Post Doctoral Fellows & Other Affiliates

  • Leila Qashu

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    Leila Qashu is a 2016-2018 Banting postdoctoral fellow at the Centre for Oral History and Digital Storytelling (COHDS). She is interested in theoretical and practical intersections between the expressive arts, women’s rights, vernacular feminism, legal pluralism, and vernacular belief. With a commitment to community-driven research, she is looking for ways to apply participatory, practice-based methodology.expand

    She has been working with the Arsi Oromo in Ethiopia (the Arsi are a subgroup of the Oromo ethnic group) and conducting fieldwork since 2002, independently and in conjunction with a French research team and the UNESCO – Norway funds-in-trust project on Ethiopian instruments, music and dance (2005-2009). Her PhD research, for which she held a Pierre Elliott Trudeau Foundation Scholarship (2010-14) and was a member of the SSHRC – MCRI project, Advancing Interdisciplinary Research in Singing, she focused on ateetee, an Arsi women’s sung dispute resolution ritual; the dissertation examined how an expressive form enables women to peacefully protect, promote and claim their rights in a rapidly changing social environment. Her current research project focuses on marriage by abduction and other challenges facing young Arsi women, and their strategies – especially the use of expressive arts – for questioning, resisting and changing cultural practices. She plans to use collaborative, participatory video work as a primary medium to create collaborative representation of Arsi stories. Her aim is to create a research-creation dissemination model that will constitute action for young women and includes ethnographic research, multimedia collaborations, and representations of the women’s expressions.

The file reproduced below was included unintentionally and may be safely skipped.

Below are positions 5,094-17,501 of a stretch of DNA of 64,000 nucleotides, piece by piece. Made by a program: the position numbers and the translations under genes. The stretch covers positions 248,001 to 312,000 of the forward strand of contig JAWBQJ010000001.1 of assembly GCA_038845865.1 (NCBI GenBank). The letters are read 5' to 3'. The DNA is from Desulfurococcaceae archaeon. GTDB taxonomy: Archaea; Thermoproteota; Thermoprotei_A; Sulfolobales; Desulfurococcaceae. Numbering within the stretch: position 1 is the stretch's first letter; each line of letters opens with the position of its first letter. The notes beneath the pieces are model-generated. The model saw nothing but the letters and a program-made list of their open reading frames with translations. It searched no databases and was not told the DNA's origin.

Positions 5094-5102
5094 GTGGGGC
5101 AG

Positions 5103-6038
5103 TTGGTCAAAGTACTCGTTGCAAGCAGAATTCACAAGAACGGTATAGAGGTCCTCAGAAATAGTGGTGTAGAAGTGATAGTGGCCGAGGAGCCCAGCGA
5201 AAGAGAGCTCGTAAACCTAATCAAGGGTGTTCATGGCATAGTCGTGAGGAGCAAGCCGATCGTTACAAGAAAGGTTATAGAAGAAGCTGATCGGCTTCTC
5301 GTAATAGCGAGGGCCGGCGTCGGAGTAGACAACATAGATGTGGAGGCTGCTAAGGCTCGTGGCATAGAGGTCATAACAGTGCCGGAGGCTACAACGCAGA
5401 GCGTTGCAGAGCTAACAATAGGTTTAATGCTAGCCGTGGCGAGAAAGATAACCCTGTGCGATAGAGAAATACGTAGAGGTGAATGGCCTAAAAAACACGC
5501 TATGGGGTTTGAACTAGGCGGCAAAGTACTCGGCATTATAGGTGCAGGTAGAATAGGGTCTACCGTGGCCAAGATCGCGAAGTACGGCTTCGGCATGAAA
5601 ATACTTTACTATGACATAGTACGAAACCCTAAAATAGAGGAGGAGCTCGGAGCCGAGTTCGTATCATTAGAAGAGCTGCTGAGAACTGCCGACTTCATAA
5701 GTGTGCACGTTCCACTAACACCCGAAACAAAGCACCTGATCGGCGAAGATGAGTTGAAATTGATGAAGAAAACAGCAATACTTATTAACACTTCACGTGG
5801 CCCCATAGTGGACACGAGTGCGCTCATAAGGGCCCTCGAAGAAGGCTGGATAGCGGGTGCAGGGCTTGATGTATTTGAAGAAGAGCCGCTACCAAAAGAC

• Jessica Roda

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    Jessica Roda is a 2016-2018 SSHRC Postdoctoral Fellow at CEREV & CaPSL in collaboration with Heyman Center for Humanities, Columbia University. With a background in musicology, ethnomusicology and anthropology from France and Canada, her research interests centre on the creation and the representation of ethnic and religious identities after social rupture of filiation in the aftermath of war, omission and repression, on heritage-making as well as on intercultural and interreligious dialogue.expand